According to the Oregon Department of Transportation (ODOT)
an estimated 1 million visitors are coming to Oregon on Monday, August 21 to get a glimpse of the eclipse, a celestial spectacle.
What is an Eclipse?
According to ODOT, for about two and a half hours on Monday, August 21, 2017, daytime will gradually yield to dusk – and to darkness for about two minutes – as the moon passes in front of the sun.
Where is the path of totality?
NASA has provided this map of the eclipse path of totality in the state of Oregon. Cities included in the path of totality include Lincoln City, Salem, Madras, and John Day.
While Medford is not the main destination for eclipse travelers the area is expected to see an influx of traffic as people make their way to hot viewing spots. Traffic backups are inevitable but we have provided a few tips and reminders for you to consider during the busy weekend.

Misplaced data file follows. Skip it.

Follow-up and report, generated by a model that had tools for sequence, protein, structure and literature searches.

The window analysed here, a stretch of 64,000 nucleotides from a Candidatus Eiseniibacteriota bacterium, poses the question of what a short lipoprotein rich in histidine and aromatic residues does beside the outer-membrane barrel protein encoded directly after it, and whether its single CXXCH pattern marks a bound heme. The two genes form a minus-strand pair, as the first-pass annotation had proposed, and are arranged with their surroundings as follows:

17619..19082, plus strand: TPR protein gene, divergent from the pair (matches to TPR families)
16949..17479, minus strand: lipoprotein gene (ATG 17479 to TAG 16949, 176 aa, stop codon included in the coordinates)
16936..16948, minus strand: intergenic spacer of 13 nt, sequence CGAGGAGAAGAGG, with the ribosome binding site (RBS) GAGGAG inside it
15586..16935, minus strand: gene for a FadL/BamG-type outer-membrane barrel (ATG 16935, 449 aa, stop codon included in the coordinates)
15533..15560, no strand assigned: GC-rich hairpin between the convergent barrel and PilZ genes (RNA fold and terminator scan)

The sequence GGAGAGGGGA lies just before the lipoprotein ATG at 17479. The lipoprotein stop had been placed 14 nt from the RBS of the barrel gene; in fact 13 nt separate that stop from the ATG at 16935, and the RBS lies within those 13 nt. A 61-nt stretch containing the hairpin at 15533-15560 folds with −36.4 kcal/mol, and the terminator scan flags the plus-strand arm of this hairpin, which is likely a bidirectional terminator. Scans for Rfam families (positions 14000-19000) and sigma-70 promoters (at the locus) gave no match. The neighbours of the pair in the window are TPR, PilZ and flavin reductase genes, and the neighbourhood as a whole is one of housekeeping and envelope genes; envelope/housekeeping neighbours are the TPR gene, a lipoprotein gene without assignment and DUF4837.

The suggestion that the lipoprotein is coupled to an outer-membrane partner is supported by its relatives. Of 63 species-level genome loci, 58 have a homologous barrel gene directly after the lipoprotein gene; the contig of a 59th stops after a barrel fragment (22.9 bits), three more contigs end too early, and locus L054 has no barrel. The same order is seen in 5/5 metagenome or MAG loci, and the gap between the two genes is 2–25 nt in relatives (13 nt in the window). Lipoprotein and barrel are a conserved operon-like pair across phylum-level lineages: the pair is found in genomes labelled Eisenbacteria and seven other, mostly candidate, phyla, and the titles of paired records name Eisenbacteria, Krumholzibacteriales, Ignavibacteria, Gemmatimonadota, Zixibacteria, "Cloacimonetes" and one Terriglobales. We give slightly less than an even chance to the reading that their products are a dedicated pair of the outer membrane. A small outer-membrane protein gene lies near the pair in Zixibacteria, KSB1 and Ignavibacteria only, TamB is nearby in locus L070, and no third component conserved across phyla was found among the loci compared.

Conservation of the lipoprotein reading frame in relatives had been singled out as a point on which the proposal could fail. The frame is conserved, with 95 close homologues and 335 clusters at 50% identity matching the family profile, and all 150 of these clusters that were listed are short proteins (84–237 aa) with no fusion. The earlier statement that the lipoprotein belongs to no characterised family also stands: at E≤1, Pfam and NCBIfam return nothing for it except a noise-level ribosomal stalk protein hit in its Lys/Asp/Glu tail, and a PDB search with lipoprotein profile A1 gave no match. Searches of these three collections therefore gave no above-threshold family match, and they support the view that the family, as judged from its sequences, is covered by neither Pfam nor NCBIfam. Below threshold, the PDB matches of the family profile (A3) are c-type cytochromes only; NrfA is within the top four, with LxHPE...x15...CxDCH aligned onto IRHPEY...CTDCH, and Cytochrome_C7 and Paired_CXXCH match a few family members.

- Expect Traffic Delays. Getting around Medford may be more difficult during the days leading up to and after the August 21 event. You may want to consider using alternate routes if you routinely use Interstate 5 or other major thoroughfares in the area.
- Be Prepared. ODOT is reminding Oregonians and travelers to stock up on gas, food, and water in case you get stuck in traffic. Use TripCheck.com or call 511 before you travel for 24/7 updates on road condition information.
- Use Eclipse Glasses. If you plan to look up at the sky during the time of the eclipse you must use eclipse glasses with the ISO or CE mark on them. Purchase your pair with Oregon State Parks.
Medford Police, Medford Fire and our Emergency Services department are aware of the influx of travelers coming through the area and are closely monitoring the situation. Medford Fire has offered their services to the Office of the State Fire Marshal, in case something breaks out along the eclipse path of totality.